The next day, Blanks was transported to GBI headquarters and interrogated by three GBI agents and two Glynn County policemen.

After again being advised of his Miranda rights, Blanks signed a written waiver of rights and gave an oral statement, and then a lengthy, tape-recorded statement, in which he again admitted his presence at the scene of the crime, but sought to attribute his participation (taping the victims, helping to carry them to the bathrooms, and holding them down while Woodard killed them) to fear of Woodard.

Recording the statement took both sides of two cassette tapes (about 2 hours). At some point after the insertion of the second tape, the interrogating officers received a note that an attorney was outside and wanted to talk to Blanks. Since Blanks had not requested an attorney and was talking freely, they continued the interview, without showing the note to Blanks.

At the close of the interview, Blanks was told that the officers had no further questions. Blanks at that point stated that he wanted to see a lawyer.[3] The interview was terminated.

Blanks was brought to the headquarters lobby and the attorney, who had been retained by the defendant's father, spoke with Blanks for several minutes. Afterwards, Blanks was transported to Glynn County.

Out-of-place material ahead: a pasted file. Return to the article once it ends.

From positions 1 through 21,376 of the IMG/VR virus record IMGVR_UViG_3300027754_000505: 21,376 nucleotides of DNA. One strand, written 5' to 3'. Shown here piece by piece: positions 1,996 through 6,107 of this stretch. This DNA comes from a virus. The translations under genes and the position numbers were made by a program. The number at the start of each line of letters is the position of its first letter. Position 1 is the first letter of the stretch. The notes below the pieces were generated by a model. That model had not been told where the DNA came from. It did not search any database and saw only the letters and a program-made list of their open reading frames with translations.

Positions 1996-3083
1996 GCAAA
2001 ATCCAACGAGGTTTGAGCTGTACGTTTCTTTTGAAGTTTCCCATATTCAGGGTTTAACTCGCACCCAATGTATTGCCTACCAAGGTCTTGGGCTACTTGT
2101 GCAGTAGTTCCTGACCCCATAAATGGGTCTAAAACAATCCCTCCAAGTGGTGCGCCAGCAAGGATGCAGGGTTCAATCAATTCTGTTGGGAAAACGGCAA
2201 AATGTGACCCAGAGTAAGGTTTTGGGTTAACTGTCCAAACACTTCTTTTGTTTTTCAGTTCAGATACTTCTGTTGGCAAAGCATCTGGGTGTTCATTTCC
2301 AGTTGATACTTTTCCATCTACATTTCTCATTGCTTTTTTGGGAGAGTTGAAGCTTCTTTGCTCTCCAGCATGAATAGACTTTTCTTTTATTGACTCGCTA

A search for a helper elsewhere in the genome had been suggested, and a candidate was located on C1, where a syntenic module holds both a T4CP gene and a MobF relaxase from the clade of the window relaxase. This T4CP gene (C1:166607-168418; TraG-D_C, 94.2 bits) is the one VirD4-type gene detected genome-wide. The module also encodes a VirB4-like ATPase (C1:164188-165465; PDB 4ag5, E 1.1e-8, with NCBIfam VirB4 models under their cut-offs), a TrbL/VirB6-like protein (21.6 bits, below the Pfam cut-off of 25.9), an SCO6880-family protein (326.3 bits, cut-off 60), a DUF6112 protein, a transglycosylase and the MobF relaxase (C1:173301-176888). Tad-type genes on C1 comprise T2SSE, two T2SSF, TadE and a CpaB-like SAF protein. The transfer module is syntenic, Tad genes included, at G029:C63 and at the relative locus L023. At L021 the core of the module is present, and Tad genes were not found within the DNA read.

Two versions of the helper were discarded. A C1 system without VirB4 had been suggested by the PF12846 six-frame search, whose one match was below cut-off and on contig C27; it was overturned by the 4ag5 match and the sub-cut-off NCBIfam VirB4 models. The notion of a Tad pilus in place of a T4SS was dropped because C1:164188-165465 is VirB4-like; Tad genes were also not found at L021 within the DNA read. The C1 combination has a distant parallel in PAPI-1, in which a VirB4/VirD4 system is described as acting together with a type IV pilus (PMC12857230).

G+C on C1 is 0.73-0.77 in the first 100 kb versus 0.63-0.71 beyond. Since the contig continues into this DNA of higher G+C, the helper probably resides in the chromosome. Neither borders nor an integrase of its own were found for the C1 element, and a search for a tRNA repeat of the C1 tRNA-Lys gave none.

(a) In his second enumeration of error Blanks contends the court erred by allowing the taped statement to be introduced in evidence, or at least so much of the statement as was taped after the arrival of *423 the attorney at GBI headquarters.

In essence, Blanks is asking us to adopt a variant of the "New York rule," which provides that: "Once an attorney enters the proceeding, the police may not question the defendant in the absence of counsel unless there is an affirmative waiver, in the presence of the attorney, of the defendant's right to counsel." People v. Arthur, 239 NE2d 537, 539 (N.Y. 1968).

The New York rule may be invoked on behalf of any suspect by any attorney; it is not necessary that there be any attorney-client relationship between the two. Id. at 538. Nor must the attorney be physically present at the place where the suspect is in custody. People v. Gunner, 205 NE2d 852, 855 (N.Y. 1965). Other states have adopted variants of the rule which, in contrast to the New York rule in its purest form, typically require an attorney-client relationship (which may be created on behalf of the suspect by third parties) and actual physical presence of the attorney at the interrogation site. See, e.g., Weber v. State, 457 A2d 674 (Del. 1983); State v. Matthews, 408 S2d 1274 (La. 1982).